“A man who dares to waste one hour of time has not discovered the value of life.” ― Charles Darwin, The Life & Letters of Charles Darwin
Well, we’re nearly there — the end of another (frantic) year.
How much of it do you remember?
Not much, I don’t suspect, save the highs or lows; our mind is clever at blotting out the drudgery.
What’s the plan for 2017?
Much the same as 2016 or don’t you care? After all, how much control do we really have?
Think about it.
No, I mean think about all the choices you’ve made over the course of the last year. Where did the impulse come from to pursue one thing as opposed to another? You might think you’re possessed of free will but I think it’s more complex than you think.
That being so, is there any point planning for 2017? Not really. Actually, that’s not quite true. I’d at least consider where my attention has previously gone, my (bad) habits and those things I’ve ignored these past months.
Of course, you could put together another list but you and I know that you’ll fall at the first hurdle. Instead, I’d pick one of two big things to focus on, and look to do the smallest thing you can each and every day in pursuit of said objective.
If you’re stuck on knowing what to pick, here’s a few to mull over:
- Increase the amount of time you sleep or better still go to bed earlier and get up earlier — you’ll be amazed how it can change your life;
- Increase the amount of water you drink — I’m blessed in Devon to have beautiful water but if you have to buy it, so be it;
- Increase the amount of exercise you take — a brisk walk at lunchtime is far better than those once-in-a-while, painful gym sessions;
- Increase the amount you read that’s non-work related — writers such as David Foster Wallace, Steven Pressfield and Charles Dickens might not be your cup of tea, but you’ll learn a lot from their writing;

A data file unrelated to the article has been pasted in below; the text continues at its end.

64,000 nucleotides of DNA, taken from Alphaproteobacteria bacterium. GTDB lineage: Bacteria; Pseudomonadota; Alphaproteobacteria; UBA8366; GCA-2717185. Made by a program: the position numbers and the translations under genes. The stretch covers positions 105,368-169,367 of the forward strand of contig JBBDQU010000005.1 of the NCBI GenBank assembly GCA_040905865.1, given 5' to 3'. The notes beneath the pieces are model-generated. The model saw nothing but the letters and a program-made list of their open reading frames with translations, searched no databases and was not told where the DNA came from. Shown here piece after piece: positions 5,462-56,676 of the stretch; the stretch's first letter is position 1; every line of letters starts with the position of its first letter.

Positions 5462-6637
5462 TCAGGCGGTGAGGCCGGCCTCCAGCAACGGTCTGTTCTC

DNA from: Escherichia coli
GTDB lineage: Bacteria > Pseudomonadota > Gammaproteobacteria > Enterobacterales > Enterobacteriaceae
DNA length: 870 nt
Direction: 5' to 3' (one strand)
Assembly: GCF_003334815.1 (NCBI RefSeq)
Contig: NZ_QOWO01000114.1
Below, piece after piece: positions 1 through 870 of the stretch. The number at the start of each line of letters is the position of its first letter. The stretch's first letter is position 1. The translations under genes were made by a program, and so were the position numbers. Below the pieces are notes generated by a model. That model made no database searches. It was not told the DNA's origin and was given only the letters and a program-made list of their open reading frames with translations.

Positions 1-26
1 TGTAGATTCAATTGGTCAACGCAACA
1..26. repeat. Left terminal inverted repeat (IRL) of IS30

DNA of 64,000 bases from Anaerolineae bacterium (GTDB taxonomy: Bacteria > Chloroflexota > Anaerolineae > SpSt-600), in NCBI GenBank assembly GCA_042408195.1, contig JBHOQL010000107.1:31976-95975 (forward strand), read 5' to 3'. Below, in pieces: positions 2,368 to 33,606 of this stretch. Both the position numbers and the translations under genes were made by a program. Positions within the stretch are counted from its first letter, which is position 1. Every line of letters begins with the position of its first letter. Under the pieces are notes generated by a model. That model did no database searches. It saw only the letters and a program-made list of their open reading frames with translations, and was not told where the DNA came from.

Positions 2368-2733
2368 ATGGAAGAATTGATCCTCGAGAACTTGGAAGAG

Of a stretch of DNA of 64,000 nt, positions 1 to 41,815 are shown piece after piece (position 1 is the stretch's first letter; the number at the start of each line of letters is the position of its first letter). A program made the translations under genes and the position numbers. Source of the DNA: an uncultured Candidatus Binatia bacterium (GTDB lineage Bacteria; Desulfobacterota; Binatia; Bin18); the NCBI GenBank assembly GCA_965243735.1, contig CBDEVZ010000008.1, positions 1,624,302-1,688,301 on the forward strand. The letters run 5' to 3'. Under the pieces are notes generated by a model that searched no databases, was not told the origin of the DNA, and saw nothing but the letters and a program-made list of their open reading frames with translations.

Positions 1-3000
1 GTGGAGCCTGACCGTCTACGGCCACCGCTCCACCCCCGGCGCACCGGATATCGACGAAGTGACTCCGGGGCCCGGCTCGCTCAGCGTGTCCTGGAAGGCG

- Increase the amount of time you spend with your children, your partner and your friends;
- Decrease the amount of red meat you eat — it’s bad for you and the planet;
- Decrease the amount of time you spend on your mobile phone;
- Decrease the amount of time you spend sitting at a desk;
- Decrease your caffeine intake; and
- Decrease the amount of time trying to please everyone — me time is key.
In suggesting these few things, I’m not trying to be prescriptive but merely putting them forward for your consideration. You may have slew of things that you need to crack, not least your career, financial affairs and having more fun but all I’m saying is that it’s better to have one or two major topics than to build a long list of well-meaning goals that you never get close to achieving.
If all of that seems way too hard, then you might adopt my practice, which amounts now to saying no to everything and anything that doesn’t take me in the direction of a simple, minimalist life. This practice — if you can call it that — isn’t just for fun or to make me look clever, but part of my focus on later life to have the freedom to travel without having to worry about more than a very few things — e.g. money, kids and health. Yes, I might only be 49, but I’m not leaving to chance how I’ll live the last decade or so of my (our) life. It’s not that I’ve got some urge to down tools, sell up and go on the road, but I do have a very strong desire to explore all those parts of Great Britain, Europe and farther afield that I’ve spent way too long thinking about and doing nothing to see.
Anyhow, have a brilliant New Year; see you on the other side.